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Taiwanese buy entire year's worth of pineapple exports to China in 4 days

Taiwanese companies, citizens offset loss of pineapple exports to China over weekend

(Twitter, Tsai Ing-wen photo)

(Twitter, Tsai Ing-wen photo)

TAIPEI (Taiwan News) — In response to China's ban on imports of Taiwan-grown pineapples, Taiwanese businesses and citizens made up for the potential shortfall in sales by buying an entire year's worth of the tropical fruit in just four days.

On Friday (Feb. 26), Beijing announced it would ban all imports of Taiwanese pineapples, alleging that “harmful organisms” had been found in the fruit. Taiwan’s Council of Agriculture (COA) Minister Chen Chi-chung (陳吉仲) chastised China for its “unilateral decision,” which he deemed “unacceptable.”

According to the COA, 97 percent of exported pineapples went to China in 2020. Last year, Taiwan exported 41,661 metric tons of the fruit to China, worth approximately NT$1.5 billion (US$53.9 million).

The move prompted Foreign Minister Joseph Wu (吳釗燮) on Friday to launch a "Freedom Pineapple" campaign on Twitter. That same day, President Tsai Ing-wen (蔡英文) also took to Twitter, calling on the public to buy Taiwanese pineapples and writing that like with Australian wine, "China's unfair trade practices" were targeting Taiwan's pineapples, despite the fact that 99.79 percent of imported batches had passed inspection.

On Tuesday (March 2), Chen announced that as of noon, Taiwanese farmers had received pre-orders for 41,687 tons of pineapples from companies, e-commerce platforms, and consumers, already exceeding the annual quantity of exports to China, reported Newtalk. Of this quantity, over 180 companies ordered 7,187 tons of pineapples, 19 firms ordered 15,000 tons of processed pineapples, 14 beverage shops ordered 4,500 tons of the fruit, wholesalers and street market vendors ordered 10,000 tons, and exporters and overseas groups ordered 5,000 tons, according to the COA.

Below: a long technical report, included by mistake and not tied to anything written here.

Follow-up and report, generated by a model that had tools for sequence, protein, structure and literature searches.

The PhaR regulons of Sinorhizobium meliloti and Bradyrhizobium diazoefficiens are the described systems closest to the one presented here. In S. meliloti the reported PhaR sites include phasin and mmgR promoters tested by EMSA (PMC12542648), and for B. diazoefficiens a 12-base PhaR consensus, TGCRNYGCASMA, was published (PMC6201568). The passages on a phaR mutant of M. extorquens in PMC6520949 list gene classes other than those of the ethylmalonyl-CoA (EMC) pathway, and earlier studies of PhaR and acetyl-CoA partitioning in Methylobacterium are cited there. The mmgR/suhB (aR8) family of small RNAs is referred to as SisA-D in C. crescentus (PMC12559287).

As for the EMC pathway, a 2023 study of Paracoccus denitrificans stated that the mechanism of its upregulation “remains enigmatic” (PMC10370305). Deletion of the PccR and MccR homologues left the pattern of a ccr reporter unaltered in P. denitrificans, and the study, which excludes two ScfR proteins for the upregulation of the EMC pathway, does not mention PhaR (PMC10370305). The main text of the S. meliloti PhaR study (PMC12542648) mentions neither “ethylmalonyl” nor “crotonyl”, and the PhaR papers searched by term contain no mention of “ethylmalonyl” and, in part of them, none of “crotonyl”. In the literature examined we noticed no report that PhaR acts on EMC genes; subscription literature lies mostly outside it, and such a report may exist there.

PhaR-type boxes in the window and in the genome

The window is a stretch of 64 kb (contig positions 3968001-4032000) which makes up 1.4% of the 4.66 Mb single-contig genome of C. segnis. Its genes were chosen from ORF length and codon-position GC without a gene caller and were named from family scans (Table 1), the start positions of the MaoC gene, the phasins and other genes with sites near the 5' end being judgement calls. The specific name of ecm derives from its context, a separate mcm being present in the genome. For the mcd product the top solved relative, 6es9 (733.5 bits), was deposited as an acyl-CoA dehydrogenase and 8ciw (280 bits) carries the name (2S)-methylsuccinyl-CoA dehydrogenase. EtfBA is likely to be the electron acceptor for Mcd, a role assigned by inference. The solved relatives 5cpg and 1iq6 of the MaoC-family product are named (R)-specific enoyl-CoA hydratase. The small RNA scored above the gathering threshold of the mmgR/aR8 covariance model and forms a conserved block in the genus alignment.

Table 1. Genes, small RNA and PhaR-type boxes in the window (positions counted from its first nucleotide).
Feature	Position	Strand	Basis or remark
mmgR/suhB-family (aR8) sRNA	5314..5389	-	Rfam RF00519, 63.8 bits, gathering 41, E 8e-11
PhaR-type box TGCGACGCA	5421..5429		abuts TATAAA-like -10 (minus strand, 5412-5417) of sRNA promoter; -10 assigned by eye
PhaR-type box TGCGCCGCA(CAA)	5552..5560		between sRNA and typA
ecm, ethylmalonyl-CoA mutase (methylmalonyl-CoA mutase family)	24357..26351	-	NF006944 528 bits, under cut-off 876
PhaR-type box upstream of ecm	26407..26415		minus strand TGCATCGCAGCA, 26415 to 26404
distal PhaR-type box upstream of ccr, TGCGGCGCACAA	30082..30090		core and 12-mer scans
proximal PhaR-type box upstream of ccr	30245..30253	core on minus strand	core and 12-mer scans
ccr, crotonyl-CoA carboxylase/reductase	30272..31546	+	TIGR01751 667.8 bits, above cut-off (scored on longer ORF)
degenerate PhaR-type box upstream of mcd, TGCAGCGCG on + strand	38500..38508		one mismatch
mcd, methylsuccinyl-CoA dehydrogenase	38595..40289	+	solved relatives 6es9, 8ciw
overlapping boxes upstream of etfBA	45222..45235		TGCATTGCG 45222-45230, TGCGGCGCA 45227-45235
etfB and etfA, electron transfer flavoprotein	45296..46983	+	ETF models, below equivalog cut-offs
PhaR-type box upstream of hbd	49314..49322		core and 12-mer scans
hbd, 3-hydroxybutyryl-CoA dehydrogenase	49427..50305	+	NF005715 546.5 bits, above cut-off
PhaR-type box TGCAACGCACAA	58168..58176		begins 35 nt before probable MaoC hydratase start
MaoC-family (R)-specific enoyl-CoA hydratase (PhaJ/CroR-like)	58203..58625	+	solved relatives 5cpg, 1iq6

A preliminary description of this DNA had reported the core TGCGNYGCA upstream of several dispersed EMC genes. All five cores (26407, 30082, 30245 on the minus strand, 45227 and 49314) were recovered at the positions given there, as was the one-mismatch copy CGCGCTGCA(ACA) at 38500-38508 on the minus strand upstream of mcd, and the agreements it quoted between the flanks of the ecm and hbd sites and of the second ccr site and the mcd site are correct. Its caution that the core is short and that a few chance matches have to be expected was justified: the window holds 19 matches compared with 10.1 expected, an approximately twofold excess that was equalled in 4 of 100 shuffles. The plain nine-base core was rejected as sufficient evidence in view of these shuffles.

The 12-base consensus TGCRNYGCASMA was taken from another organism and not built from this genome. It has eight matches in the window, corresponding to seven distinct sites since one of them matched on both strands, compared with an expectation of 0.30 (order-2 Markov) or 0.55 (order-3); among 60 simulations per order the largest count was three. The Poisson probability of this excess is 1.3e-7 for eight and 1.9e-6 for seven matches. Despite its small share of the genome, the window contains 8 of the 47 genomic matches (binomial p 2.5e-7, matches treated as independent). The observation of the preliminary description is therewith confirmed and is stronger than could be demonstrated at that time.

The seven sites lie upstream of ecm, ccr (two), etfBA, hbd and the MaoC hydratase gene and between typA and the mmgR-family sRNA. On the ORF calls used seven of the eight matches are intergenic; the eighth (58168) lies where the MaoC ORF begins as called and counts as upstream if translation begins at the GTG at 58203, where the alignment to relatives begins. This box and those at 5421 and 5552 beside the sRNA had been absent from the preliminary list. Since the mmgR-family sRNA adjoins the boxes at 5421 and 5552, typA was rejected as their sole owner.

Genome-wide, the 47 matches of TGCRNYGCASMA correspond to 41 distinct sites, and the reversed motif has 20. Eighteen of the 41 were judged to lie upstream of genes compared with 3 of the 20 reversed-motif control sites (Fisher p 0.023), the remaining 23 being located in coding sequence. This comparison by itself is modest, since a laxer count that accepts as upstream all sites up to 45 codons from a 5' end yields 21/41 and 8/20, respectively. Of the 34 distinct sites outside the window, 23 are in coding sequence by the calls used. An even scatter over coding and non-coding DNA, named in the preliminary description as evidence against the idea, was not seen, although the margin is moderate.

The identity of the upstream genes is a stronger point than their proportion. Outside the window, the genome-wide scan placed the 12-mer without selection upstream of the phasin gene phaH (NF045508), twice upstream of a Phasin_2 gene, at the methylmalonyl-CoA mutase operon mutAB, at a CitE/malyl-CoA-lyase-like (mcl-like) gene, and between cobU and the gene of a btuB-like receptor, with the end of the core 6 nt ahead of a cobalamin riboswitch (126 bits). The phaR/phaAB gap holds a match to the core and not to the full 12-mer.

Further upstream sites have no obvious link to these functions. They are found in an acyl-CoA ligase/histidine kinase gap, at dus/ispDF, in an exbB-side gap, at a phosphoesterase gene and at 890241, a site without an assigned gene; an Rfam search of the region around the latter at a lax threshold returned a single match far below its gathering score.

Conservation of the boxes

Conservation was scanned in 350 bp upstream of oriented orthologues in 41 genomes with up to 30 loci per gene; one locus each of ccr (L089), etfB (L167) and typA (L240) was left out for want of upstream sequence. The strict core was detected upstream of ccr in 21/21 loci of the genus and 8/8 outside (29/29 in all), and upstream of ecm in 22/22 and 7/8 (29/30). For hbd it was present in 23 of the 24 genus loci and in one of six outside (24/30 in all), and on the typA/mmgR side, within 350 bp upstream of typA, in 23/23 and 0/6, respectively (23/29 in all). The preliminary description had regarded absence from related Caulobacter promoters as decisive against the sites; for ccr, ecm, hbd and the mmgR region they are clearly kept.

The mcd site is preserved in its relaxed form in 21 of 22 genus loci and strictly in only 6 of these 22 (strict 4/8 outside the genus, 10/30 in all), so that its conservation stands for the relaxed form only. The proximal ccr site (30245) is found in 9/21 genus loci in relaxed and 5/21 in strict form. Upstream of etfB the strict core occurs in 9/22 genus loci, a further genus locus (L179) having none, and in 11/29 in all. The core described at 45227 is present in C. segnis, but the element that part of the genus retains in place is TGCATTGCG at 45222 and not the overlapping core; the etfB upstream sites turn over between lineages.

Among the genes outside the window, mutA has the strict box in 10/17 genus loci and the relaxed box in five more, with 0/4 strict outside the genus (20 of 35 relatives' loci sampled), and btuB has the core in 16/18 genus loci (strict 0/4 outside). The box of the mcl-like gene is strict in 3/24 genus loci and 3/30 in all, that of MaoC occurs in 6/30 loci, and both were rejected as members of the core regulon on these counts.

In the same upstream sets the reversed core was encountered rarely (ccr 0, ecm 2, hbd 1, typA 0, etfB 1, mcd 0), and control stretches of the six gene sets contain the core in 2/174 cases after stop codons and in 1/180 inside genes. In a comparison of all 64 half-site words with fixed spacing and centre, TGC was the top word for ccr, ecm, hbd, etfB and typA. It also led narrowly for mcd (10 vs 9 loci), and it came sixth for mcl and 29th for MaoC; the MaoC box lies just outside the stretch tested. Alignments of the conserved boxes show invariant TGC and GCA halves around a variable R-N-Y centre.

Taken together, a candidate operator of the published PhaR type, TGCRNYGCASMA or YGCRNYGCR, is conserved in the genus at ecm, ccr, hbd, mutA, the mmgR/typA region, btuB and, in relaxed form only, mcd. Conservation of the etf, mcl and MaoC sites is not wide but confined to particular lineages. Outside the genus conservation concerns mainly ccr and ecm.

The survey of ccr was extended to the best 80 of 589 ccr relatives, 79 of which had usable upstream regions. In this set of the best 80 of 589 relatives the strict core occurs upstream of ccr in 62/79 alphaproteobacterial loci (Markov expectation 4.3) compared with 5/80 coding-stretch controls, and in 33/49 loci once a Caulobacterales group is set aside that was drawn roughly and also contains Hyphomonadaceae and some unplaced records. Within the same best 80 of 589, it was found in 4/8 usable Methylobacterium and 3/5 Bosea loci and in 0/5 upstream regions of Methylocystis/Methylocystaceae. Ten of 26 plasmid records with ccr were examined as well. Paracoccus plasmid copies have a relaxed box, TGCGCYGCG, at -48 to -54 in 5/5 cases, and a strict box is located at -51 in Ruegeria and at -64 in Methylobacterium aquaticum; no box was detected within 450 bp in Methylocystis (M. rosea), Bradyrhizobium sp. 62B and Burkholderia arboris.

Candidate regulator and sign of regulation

Chen said that given China's ban, Taiwan will work to develop new overseas markets, including Singapore, Malaysia, and Australia. Despite the impact of the pandemic, Chen said that pineapple exports to New Southbound nations increased 110-fold last year.

In a Facebook post on Friday, Tsai condemned China for its "ambush-like, unilateral notice that it would ban imports of Taiwan pineapples." She pledged that the government would allocate NT$1 billion to ameliorate the impact of the import ban and work to export 30,000 tons of pineapples to the U.S., Japan, Singapore, and other international markets.

China's ban went into effect just as Taiwan's pineapple season was getting underway in Pingtung County, which accounts for 30 percent of the country's production. In the rest of southern Taiwan, harvesting will run from March through June.